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Fargo (1996)

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Score: 10/10

Genre: Crime Drama Running Time: 1 hr. 38 min.

Release Date: April 5th, 1996 MPAA Rating: R

Director: Joel Coen, Ethan Coen Actors: William H. Macy, Steve Buscemi, Peter Stormare, Francis McDormand, John Carroll Lynch, Harve Presnell, Larry Brandenburg

“T

his is a true story. The events depicted in this film took place in Minnesota in 1987. At the request of the survivors, the names have been changed. Out of respect for the dead, the rest has been told exactly as it occurred.” Following this unnerving (and not entirely truthful) written introduction is a riveting drama of death, dismemberment, small town criminality, and exaggerated accents. Winner of two Academy Awards (Best Actress and Original Screenplay), with a total of seven nominations including Best Picture, “Fargo” is a mesmerizing thriller bursting with unforgettable characters and a pulse-pounding conclusion.

Mechanic Shep Proudfoot (Steven Reevis) has arranged for the stammering, nervous, car sales manager Jerry Lundegaard (William H. Macy) to meet with two unscrupulous men, the talkative Carl Showalter (Steve Buscemi) and the stone-faced Gaear Grimsrud (Peter Stormare), for a particularly dastardly mission in Fargo, North Dakota. Jerry wants his wife kidnapped and ransomed for $80,000, half of which will go to the hired hands and half ending up in Jerry’s pocket. It will be paid by his wife’s wealthy father Wade (Harve Presnell), who cares little for his unaccomplished, disappointing son-in-law. But when Wade unexpectedly expresses interest in Jerry’s land purchasing proposal, he rethinks the deal with Carl and Gaear. Unable to reach them in time, the plan is set in motion – with irreversible consequences.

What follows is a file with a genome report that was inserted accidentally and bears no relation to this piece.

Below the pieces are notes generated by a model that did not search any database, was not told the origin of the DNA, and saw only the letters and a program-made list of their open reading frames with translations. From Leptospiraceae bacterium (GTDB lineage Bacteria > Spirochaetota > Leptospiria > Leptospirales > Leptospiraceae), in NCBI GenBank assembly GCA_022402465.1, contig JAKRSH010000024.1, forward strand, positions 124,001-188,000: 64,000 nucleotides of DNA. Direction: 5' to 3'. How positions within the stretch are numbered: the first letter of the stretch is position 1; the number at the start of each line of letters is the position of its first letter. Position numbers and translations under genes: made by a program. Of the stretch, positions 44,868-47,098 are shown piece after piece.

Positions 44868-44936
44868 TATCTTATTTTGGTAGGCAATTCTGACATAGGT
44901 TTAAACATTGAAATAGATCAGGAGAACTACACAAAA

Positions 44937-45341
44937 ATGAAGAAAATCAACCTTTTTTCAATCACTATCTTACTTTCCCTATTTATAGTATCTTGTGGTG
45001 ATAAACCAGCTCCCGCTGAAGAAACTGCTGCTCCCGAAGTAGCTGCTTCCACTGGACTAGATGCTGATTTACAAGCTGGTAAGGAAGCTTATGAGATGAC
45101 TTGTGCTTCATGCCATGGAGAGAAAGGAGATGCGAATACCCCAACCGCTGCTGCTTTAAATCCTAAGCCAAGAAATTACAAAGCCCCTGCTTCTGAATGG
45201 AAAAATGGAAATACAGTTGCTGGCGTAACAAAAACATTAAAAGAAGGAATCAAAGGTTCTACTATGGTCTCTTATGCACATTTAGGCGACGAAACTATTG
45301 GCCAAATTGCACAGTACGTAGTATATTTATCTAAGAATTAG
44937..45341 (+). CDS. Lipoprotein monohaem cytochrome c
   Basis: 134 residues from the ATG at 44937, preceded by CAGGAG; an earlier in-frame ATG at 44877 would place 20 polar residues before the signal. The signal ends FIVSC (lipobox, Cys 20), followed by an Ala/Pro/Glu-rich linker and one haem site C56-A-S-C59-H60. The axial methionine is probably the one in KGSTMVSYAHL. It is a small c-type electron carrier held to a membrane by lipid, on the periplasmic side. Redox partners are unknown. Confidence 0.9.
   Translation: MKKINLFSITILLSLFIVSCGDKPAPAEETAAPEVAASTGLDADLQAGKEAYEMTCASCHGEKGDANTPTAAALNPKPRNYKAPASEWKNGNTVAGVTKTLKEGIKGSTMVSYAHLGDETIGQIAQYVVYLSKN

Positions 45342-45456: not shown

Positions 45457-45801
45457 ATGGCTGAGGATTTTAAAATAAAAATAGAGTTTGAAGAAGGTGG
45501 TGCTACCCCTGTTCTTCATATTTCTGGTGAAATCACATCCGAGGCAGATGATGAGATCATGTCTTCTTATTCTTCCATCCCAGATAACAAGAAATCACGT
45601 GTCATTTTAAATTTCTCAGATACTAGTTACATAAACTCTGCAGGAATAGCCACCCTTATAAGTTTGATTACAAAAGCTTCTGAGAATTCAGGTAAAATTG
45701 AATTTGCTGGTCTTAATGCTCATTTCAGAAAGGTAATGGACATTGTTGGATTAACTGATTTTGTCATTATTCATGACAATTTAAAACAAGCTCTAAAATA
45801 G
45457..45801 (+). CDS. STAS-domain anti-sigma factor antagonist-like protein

When Gaear spontaneously executes a state trooper in Brainerd, Minnesota, local police chief Marge Gunderson (Frances McDormand), who is approximately seven months into her pregnancy, is called in to investigate. But morning sickness and frequent meals don’t get in the way of her detective work, which finds her visiting the bar where Lundegaard met Carl and Gaear, Shep’s shop, and finally Jerry’s workplace. As the kidnapping ploy escalates to triple homicide and beyond, with Jerry’s covert involvement unraveling tremendously, Marge gets closer to uncovering a seemingly simple scheme that has spiraled wildly out of control.

Astonishingly, and in rare form, the main character isn’t even introduced until over 30 minutes into the picture. And she’s quite the leading lady, sporting a heavy accent and unbalancing pregnancy weight. Somewhat sloppy sleuthing by simpleminded officers out of their element clashes with Marge’s overabundance of common sense as she delivers natural dialogue with a sensationally unhurried sensibility. Extra scenes are included for the sake of demonstrating the easygoing but capable manner in which she handles unexpected ordeals, as well as to exhibit her own flaws in determining truths and lies. In the end, though her mind is far sharper (and optimistic) than those of her opponents, she’s also formidable with a gun.

In riveting murder-mystery fashion, the ransom plot becomes exponentially more problematic by the minute, with everything seemingly going wrong for Jerry, an unhappy, oft browbeaten man embroiled in petty scams and pushed to the limits by his wife’s sniffy father. Macy’s performance is spectacular, conveying obvious guilt and overwhelming ruination. Contributing to the cinematically unique leads are the pitch black comicalness of Buscemi’s inept thug and Stormare’s coldly indifferent, unhinged accomplice. And these characters are all housed in an environment infrequently reserved for cinema – a tight-knit community, desolate highways, and average people encircled by the isolating power of snow and ice, which lends to highly contrasting personalities and a more exaggerated sense of the unexpected.

A striking theme of gentle piano notes and mournful strings by Coen Brothers’ regular Carter Burwell immediately betrays a strength and potency of filmmaking rarely witnessed, notable even as the opening credits appear over nothing more than a lone car traveling through hazy snow. It majestically introduces a breathtaking tale of macabre true crime mayhem in the vein of “The Silence of the Lambs” but with a marginally lighter tone (though many categorize “Fargo” as an outright comedy, which is far from its actual presentation). Combining singular character designs, top-notch acting, morbid wit, bloody violence, and an engrossing mystery (wherein the audience is privy to all of the details before the detectives unveil them), it’s a must-see cinematic masterpiece that aptly expands upon the brilliancy witnessed in the Coen’s first crime feature, “Blood Simple,” from 1984.

– Mike Massie

 



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